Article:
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Islamist militia helps new Libyan PM take office | ASHARQ AL-AWSAT English Archive 2005 -2017
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Libya’s new Prime Minister Ahmed Maiteeq speaks at a news conference with members of the government in Tripoli June 2, 2014. (Reuters/Hani Amara)

Libya's new Prime Minister Ahmed Maiteeq speaks at a news conference with members of the government in Tripoli June 2, 2014. (Reuters/Hani Amara)

Libya’s Prime Minister Ahmed Maiteeq speaks at a news conference with members of the government in Tripoli on June 2, 2014. (Reuters/Hani Amara)

Tripoli, AP—A group of Islamist lawmakers on Tuesday accused Libya’s outgoing prime minister of hindering the newly elected prime minister from taking office. It is the latest crisis to roil the North African country as a renegade general leads an offensive against Islamists.

The lawmakers’ statement came a day after their ally, Prime Minister Ahmed Maiteeq, took power with help of an Islamist militia late Monday, according to a Facebook post by lawmaker Fatma Al-Majbari. The daily newspaper Al-Wasat reported that militiamen from the Libya Central Shield—one of several militias on the government’s payroll—accompanied Maiteeq to his office.

Maiteeq, a businessman who owns a five-star hotel in the capital, Tripoli, was recently elected prime minister by Libya’s Islamist-dominated parliament in a contested vote. He held his first Cabinet meeting behind closed doors shortly after entering the government headquarters Monday, government spokesman Alaa Al-Kassab said.

Maiteeq’s adviser Nadhal Roumidah said parliament ordered Maiteeq to take office even though the incumbent refused to give it up.

Hours later in a televised statement, Maiteeq condemned the recent violence that has rocked the eastern city of Benghazi. Benghazi was the birthplace of the uprising that led to the toppling and killing of longtime dictator Muammar Gaddafi in Libya’s 2011 civil war. It is also the focal point of rebel Gen. Khalifa Haftar’s campaign against Islamists.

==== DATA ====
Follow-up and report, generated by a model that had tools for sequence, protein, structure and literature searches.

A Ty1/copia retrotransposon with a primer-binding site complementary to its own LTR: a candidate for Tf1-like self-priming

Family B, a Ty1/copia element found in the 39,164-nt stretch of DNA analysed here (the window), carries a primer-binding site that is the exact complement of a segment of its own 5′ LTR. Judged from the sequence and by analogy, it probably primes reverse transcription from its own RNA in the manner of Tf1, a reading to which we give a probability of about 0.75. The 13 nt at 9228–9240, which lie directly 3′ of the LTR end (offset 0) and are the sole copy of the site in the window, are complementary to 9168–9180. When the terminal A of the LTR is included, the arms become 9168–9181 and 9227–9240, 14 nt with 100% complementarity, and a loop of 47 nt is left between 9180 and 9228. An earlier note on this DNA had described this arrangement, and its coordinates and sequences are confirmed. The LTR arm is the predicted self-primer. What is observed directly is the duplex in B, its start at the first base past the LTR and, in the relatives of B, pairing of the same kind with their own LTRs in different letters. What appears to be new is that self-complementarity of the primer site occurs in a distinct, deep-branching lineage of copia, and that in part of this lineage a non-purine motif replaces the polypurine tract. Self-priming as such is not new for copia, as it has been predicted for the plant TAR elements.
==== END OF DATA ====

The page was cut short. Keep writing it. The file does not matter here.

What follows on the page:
A former Gaddafi-era army chief, Haftar has rallied support from the country’s weakened military, its anti-Islamist politicians, tribes and diplomats, vowing to crush the Islamist militias he blames for Libya’s instability

Since last weekend, helicopters flown by pilots loyal to Haftar have bombed Islamist militia camps in Benghazi.

The fighting has paralyzed the city, with schools canceling end-of-term exams and hospitals calling for blood donations. A Benghazi medical official, speaking on condition of anonymity because he was not authorized to talk to journalists, said the death toll from the recent fighting has reached 22 people killed, with dozens wounded.

Outgoing Prime Minister Abdallah Al-Thinni has contested the legality of Maiteeq’s election, saying the judiciary should have the final say in the matter. Libya’s Supreme Constitutional Court is expected to rule Thursday on Maiteeq’s election.

After Maiteeq entered the government building, a group of Islamist lawmakers made a televised statement blaming Thinni for Libya’s insecurity and “wasting funds.” The lawmakers said that the fighting in Benghazi is one example of the incompetence of the Thinni government and the divisions within the army.

The lawmakers also denounced Haftar’s offensive, calling it a form of “terrorism” and a coup.

“The parliament condemns the coup and demands the government to take measures and refer those responsible to trial,” one of the lawmakers reading out the joint statement said, adding that Libya now has “two armies under one title.”

They said that Thinni disappeared while members of his Cabinet left the country to prevent the transition of power.